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The Political Economy of Corruption and the Role of Financial Institutions

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  • Boerner, Kira
  • Hainz, Christa

Abstract

In many developing countries, we observe rather high levels of corruption. This is surprising from a political economy perspective, as the majority of people generally suffers from high corruption levels. We explain why citizens do not exert enough political pressure to reduce corruption if financial institutions are missing. Our model is based on the fact that corrupt officials have to pay entry fees to get lucrative positions. The mode of financing this entry fee determines the distribution of the rents from corruption. In a probabilistic voting model, we show that a lack of financial institutions can lead to more corruption as more voters are part of the corrupt system. Thus, the economic system has an effect on political outcomes. Well-functioning financial institutions, in turn, can increase the political support for anti-corruption measures.

Suggested Citation

  • Boerner, Kira & Hainz, Christa, 2006. "The Political Economy of Corruption and the Role of Financial Institutions," Discussion Paper Series of SFB/TR 15 Governance and the Efficiency of Economic Systems 135, Free University of Berlin, Humboldt University of Berlin, University of Bonn, University of Mannheim, University of Munich.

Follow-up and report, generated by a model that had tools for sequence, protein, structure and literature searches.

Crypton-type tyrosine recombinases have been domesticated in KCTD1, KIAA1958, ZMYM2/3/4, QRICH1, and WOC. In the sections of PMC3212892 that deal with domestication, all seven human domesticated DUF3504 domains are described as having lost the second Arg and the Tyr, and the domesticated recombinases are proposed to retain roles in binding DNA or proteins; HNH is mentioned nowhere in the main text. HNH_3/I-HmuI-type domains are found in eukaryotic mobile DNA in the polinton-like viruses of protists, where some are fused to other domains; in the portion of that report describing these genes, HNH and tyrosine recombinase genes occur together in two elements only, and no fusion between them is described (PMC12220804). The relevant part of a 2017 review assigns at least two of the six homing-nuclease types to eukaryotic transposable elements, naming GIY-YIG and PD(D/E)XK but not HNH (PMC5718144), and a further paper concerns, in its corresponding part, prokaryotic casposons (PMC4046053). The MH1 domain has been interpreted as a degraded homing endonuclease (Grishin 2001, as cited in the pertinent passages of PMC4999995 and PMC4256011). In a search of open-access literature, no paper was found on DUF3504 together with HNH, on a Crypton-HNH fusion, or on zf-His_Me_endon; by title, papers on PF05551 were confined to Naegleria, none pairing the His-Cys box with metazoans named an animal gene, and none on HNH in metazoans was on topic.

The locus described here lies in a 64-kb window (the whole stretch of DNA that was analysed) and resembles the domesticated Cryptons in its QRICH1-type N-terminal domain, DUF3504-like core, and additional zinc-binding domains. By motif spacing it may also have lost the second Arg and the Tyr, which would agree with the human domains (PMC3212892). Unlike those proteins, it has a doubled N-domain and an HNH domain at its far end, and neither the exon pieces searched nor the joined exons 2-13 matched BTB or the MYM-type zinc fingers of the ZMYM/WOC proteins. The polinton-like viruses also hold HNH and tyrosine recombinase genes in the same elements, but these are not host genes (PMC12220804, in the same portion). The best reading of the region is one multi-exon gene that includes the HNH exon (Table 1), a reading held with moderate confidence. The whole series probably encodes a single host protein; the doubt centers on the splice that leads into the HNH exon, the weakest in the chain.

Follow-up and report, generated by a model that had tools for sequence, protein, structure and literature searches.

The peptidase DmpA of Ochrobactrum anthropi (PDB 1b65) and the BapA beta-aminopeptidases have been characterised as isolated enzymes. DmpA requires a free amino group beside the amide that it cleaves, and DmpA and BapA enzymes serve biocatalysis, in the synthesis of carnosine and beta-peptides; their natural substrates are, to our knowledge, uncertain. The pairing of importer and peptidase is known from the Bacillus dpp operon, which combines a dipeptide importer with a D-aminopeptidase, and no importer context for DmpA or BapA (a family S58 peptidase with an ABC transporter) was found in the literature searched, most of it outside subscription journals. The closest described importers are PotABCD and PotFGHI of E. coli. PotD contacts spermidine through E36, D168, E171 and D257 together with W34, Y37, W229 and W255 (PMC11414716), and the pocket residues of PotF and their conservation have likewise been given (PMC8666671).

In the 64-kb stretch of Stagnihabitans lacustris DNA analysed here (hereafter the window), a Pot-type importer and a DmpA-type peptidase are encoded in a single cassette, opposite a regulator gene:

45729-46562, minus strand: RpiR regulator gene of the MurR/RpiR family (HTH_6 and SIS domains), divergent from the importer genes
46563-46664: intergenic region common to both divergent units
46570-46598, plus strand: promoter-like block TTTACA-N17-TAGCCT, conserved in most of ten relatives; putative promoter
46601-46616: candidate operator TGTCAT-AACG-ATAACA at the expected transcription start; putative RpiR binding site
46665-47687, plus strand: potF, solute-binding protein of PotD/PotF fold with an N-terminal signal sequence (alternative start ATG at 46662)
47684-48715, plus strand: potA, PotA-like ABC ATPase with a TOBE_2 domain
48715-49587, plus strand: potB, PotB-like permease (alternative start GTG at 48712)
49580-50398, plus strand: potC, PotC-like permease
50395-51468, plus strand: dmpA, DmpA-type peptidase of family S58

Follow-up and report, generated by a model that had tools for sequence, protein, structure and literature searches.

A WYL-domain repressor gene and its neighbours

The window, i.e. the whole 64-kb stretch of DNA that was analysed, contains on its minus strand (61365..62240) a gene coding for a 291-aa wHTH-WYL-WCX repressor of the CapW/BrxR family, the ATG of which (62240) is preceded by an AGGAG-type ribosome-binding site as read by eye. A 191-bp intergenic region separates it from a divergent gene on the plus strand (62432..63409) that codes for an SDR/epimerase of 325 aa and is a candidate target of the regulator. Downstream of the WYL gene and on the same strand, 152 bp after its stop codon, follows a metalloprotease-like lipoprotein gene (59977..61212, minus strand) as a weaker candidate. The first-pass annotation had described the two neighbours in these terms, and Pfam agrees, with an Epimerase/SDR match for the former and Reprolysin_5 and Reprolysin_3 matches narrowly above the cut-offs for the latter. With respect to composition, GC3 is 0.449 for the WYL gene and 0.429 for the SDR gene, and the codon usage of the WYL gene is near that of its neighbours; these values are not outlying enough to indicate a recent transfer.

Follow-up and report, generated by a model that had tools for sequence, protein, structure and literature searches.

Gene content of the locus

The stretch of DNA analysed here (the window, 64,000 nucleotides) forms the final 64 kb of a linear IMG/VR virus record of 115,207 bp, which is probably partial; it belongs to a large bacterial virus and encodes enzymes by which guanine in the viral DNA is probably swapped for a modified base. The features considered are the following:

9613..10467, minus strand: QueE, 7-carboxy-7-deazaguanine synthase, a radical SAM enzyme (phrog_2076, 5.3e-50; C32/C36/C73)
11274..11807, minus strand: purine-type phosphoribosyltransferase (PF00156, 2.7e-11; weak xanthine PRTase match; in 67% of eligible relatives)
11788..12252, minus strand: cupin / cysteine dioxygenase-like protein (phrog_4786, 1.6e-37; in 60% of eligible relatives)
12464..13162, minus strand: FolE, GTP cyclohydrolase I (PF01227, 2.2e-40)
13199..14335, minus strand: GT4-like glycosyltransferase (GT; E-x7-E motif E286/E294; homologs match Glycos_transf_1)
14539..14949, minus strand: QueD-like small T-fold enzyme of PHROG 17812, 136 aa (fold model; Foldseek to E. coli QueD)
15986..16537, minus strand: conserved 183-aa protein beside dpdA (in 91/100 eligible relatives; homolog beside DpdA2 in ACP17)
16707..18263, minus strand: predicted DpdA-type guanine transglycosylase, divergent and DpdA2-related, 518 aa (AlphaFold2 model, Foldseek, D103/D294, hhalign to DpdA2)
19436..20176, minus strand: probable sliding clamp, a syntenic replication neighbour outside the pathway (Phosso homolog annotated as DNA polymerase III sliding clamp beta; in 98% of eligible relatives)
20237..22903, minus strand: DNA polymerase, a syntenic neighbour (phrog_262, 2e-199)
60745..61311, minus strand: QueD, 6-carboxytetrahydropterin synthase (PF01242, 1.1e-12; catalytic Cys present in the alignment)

• Handle: RePEc:trf:wpaper:135
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    References listed on IDEAS

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    Cited by:

    1. Franco Mariuzzo & Patrick Paul Walsh & Ciara Whelan, 2004. "EU Merger Control in Differentiated Product Industries," CESifo Working Paper Series 1312, CESifo Group Munich.
    2. Rajeev Goel & Iftekhar Hasan, 2011. "Economy-wide corruption and bad loans in banking: international evidence," Applied Financial Economics, Taylor & Francis Journals, vol. 21(7), pages 455-461.

    More about this item

    Keywords

    Corruption; Financial Markets; Institutions; Development; Voting;

    JEL classification:

    • D73 - Microeconomics - - Analysis of Collective Decision-Making - - - Bureaucracy; Administrative Processes in Public Organizations; Corruption
    • D72 - Microeconomics - - Analysis of Collective Decision-Making - - - Political Processes: Rent-seeking, Lobbying, Elections, Legislatures, and Voting Behavior
    • O17 - Economic Development, Innovation, Technological Change, and Growth - - Economic Development - - - Formal and Informal Sectors; Shadow Economy; Institutional Arrangements

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